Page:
A New Treatment For Depression Could Involve Increasing Psychological Resilience, A New Report Says

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When you're diagnosed with depression, you're usually prescribed medication that falls into two categories: serotonin–norepinephrine reuptake inhibitors (SNRI), or selective serotonin reuptake inhibitors (SSRI). But new research has found that medication that increases a person's psychological resilience and adaptability might help treat depression. According to a report from Scientific American, researchers have found that some people are naturally better at handling adversity. Scientists are now working on developing a new depression medication that could improve a person's psychological resilience and make it easier to deal with stressors, which could make life easier for people with mental illness.

A clinical trial is currently being conducted by the Icahn School of Medicine at Mount Sinai and is expected to end in 2019. If its findings show that resilience-targeted drugs make a difference, it could eventually lead to a revolutionary depression drug. But the word "resilience" is a loaded term, even though it's used in a psychological context, and while early findings from a pilot trial are promising, it's important to be careful about how we discuss resilience and depression. Mayo Clinic describes resilience as a person's ability to adapt and recover when unfortunate things happen. If you aren't as resilient, you may have a harder time recovering after a traumatic event. From the Mayo Clinic:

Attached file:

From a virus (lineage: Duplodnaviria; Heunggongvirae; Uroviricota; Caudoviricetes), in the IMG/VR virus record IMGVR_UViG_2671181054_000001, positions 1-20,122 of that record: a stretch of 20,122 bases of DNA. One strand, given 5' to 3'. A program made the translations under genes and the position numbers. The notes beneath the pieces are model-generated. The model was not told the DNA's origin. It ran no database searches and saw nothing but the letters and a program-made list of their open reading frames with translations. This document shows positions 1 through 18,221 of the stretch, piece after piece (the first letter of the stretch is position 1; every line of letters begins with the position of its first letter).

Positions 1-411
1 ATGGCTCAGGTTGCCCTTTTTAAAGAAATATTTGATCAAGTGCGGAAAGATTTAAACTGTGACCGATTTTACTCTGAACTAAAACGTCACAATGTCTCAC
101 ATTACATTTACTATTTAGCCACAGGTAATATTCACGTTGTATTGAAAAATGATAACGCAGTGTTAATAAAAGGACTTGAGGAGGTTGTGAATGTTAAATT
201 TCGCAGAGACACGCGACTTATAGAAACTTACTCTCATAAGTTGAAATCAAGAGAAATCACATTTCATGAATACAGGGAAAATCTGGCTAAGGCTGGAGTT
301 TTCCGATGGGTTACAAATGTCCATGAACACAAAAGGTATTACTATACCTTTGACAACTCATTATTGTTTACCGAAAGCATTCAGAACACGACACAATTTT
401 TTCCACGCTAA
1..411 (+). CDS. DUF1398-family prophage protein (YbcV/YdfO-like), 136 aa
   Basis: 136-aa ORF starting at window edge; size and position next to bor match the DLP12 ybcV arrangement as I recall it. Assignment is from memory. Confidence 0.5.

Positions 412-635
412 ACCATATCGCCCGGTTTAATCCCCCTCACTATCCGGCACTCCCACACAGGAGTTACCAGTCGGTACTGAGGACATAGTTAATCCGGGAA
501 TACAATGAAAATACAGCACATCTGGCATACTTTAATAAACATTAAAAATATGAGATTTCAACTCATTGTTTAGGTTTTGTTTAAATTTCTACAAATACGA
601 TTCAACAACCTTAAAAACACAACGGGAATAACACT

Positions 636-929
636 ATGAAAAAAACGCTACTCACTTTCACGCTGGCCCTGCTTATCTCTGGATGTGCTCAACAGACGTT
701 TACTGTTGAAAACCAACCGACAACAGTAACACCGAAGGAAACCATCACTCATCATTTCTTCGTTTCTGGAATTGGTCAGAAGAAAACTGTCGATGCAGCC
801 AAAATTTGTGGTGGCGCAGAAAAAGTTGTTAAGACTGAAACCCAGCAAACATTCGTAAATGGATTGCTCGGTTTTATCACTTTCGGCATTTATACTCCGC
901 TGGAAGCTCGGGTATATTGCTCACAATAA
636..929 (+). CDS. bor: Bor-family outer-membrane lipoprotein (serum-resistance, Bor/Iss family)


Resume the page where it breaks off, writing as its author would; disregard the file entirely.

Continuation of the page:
If you have a resilient disposition, you are better able to maintain poise and a healthy level of physical and psychological wellness in the face of life's challenges. If you're less resilient, you're more likely to dwell on problems, feel overwhelmed, use unhealthy coping tactics to handle stress, and develop anxiety and depression.

But it's important to note that that depression doesn't happen to people who are "weak," and someone's natural psychological resilience doesn't necessarily make them "stronger" than someone who has depression. I don't know how many times I've been told to stay strong and remain positive — even though I've been so depressed that literally lifting my head up has felt impossible, let alone figuratively. Psychological resilience simply means one's brain chemistry's ability to bounce back from adverse events, and is not a character trait. That being said, this research could be good news for a lot of us, especially those who don't ever expect to "recover" from depression based on the current treatment options available.

According to Scientific American, researchers began to make the resilience link after studying mice who endured trauma from other mice. One-third of the mice were able to recover without showing signs of trauma or depression, the article says, while the others had a harder time. The researchers found that the mice who bounced back processed trauma differently, according to the report. Now, researchers are looking at the reward circuits in the brain as a way to enhance resilience. Participants are assigned to a placebo or treatment group, and the latter takes ezogabine, an epilepsy medication.

One in six Americans take psychiatric drugs, and with that in mind, the trial's progression is definitely worth watching. "Depressive disorders are among the most disabling medical conditions worldwide and currently available treatments fall short of addressing this large public health burden," the abstract for the study reads. "Dysfunction within the brain reward system is emerging as a core feature of depressive disorders, in particular related to deficits in motivation, interest, and response to pleasure."

It's too early to say whether a resilience pill will definitively improve lives for depressive patients, and even if it does, it'll be a while before we see it on shelves. But I'm always open to trying new medication, especially if it could work better than existing anti-depressants. If a chemical boost helps those of us who psychologically have less resilience, I'm on board.